I begin with a blank canvas, looking out at some part of the world in front of me.  I find something that feels significant, something in which one could sense ones place in the universe.  I look very hard at it - into it, and at the same time into myself - and I paint what I see.  My opening strokes define the direction I will head in during this painting - they define the scope of what will appear on my canvas, they begin to define the colors, they begin to give life to a feeling of their own.  I used to do a little lay-in drawing of my objects - an outline - but I’ve found that doing this removes the spontaneity of the “mistakes” that may end up being among the most interesting parts of the painting.  The work grows organically because I have not limited it.  But I stay focused the trajectory of my painting as it develops, so it stays cohesive.  I almost always learn something.

My thesis is that if I am true to my experience and to myself, I’ll have a good starting point.  And if I am true to what I am creating, the whole time I am creating it, I will come away with a painting that is whole and alive, and in it will be that part of perception where the world and I meet.  I’m calling it Phenomenological Expressionism.

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Maurice Merleau-Ponty describes phenomenology as being “the study of essences.” The way I paint can definitely be described as being this.  “Phenomenology is accessible only through a phenomenological method,” he says.  And Phenomenological Expressionism is perhaps that - a method of self expression and truth-seeking that acknowledges the notion that “truth does not ‘inhabit’ only ‘the inner man’, or more accurately there is no inner man, man is in the world, and only in the world does he know himself.”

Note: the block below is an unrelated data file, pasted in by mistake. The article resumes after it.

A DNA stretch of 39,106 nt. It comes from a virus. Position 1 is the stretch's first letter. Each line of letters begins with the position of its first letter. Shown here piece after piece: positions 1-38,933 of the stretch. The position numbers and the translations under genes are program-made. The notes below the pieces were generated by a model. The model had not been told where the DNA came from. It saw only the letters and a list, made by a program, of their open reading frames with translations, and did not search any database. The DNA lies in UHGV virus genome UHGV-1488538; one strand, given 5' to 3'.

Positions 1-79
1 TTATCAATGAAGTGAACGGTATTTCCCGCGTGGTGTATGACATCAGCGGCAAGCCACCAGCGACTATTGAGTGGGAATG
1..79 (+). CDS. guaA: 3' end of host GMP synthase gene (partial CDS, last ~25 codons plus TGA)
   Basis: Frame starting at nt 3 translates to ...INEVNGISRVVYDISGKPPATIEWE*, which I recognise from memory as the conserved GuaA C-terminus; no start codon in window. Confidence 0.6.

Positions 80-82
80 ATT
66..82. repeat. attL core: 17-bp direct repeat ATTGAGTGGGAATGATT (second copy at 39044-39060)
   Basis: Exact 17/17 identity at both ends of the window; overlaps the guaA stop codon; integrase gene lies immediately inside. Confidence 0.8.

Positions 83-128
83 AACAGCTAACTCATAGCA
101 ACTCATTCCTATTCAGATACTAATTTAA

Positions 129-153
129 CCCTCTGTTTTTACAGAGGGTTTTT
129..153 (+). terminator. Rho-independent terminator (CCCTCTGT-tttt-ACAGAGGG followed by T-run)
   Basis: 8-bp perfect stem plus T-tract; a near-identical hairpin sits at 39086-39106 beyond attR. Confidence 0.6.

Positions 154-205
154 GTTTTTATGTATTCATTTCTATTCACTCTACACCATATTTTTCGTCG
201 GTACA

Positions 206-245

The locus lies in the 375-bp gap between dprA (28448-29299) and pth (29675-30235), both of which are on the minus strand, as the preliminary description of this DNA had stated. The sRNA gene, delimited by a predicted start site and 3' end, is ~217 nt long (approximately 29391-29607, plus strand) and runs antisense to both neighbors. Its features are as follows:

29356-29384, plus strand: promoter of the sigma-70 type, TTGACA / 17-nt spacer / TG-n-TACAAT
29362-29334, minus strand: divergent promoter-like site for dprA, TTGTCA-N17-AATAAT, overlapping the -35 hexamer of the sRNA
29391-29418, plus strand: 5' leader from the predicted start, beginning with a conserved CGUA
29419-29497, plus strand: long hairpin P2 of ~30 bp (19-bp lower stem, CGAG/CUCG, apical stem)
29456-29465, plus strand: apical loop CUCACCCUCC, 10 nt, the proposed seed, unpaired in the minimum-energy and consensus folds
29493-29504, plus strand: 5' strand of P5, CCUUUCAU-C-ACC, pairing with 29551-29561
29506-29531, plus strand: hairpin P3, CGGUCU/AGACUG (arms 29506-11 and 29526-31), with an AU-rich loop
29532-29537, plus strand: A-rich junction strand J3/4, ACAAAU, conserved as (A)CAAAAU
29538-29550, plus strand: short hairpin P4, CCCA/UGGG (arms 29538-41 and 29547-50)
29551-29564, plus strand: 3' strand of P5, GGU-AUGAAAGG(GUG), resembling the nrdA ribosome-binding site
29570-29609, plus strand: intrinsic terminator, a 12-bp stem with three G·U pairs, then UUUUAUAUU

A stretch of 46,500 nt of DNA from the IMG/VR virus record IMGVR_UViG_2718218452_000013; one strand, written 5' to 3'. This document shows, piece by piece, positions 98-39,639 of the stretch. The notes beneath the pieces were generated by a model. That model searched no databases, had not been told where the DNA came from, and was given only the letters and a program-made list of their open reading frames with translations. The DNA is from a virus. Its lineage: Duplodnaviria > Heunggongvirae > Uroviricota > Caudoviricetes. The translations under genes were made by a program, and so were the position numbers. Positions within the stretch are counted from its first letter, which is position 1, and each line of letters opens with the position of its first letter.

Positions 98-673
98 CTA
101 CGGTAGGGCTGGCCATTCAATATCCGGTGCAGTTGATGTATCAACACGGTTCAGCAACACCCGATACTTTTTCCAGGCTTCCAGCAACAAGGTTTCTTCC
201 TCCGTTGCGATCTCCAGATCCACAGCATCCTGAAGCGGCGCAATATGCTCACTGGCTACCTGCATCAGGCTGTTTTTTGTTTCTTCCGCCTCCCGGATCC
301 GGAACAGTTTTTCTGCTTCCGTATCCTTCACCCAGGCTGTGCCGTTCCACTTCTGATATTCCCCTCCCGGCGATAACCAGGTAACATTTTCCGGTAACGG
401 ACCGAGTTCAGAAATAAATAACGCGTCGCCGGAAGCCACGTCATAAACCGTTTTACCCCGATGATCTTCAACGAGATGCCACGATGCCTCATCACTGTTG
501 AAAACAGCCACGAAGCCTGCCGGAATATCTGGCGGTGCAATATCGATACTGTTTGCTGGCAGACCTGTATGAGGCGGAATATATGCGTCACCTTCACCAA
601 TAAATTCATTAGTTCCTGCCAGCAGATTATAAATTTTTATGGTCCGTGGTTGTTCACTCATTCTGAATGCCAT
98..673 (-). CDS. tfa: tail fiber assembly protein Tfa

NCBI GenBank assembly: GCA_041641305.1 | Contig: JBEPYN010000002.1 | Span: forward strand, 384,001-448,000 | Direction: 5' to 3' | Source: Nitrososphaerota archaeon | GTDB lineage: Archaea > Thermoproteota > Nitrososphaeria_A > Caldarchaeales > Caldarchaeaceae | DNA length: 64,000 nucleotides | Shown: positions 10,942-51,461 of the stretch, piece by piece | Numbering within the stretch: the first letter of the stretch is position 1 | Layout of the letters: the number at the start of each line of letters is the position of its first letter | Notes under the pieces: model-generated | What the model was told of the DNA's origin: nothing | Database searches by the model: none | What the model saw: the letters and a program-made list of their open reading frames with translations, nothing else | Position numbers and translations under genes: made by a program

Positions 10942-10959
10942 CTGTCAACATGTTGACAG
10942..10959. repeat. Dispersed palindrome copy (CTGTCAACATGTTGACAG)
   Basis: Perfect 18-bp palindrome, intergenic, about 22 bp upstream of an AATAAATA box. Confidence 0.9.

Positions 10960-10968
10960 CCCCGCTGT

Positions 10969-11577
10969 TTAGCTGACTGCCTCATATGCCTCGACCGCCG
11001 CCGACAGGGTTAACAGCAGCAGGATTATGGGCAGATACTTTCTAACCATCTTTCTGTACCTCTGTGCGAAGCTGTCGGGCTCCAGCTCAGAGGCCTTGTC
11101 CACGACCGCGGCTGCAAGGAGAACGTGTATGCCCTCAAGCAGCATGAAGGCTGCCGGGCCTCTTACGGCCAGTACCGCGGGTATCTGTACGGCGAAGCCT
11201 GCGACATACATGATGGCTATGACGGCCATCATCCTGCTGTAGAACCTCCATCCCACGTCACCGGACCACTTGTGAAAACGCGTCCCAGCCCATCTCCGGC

If I want to take a project of artistic self-expression seriously, I need to acknowledge what “self” is - or perhaps where it is.  If the basis of my self-expression is perceptual (which, as a painter, it is) then I had better understand that it is “because we are in the world, [that] we are condemned to meaning.”  I must start with my perceptions, my place in the world and its place in me, in order to arrive at meaningful paintings.  Accordingly, to “self express” becomes an act of self discovery in which the act of painting is an investigation into the relationship between myself and the world in which I reside, and simultaneously the creation of an autonomous artifact, in this case a painting, with its own life independent of its own creation.

The phenomenological starting point is not sufficient - it is merely where my job begins.  If I want my art to be significant and meaningful, alive and whole, if I want it to speak to humanness, I have to figure out what all these things mean in the world.  And this is the captivating part.  It has to do with the structure of things, in which all parts of it are activated, working for itself, in which the form of it and the meaning of it are truly identified as one.  It is a structure in which the individual stones are more beautiful in their humble service to the wall, the wall is more beautiful in its humble service to the building, the building is more beautiful in its humble service to the town, and so on.

-O'Neill Cushman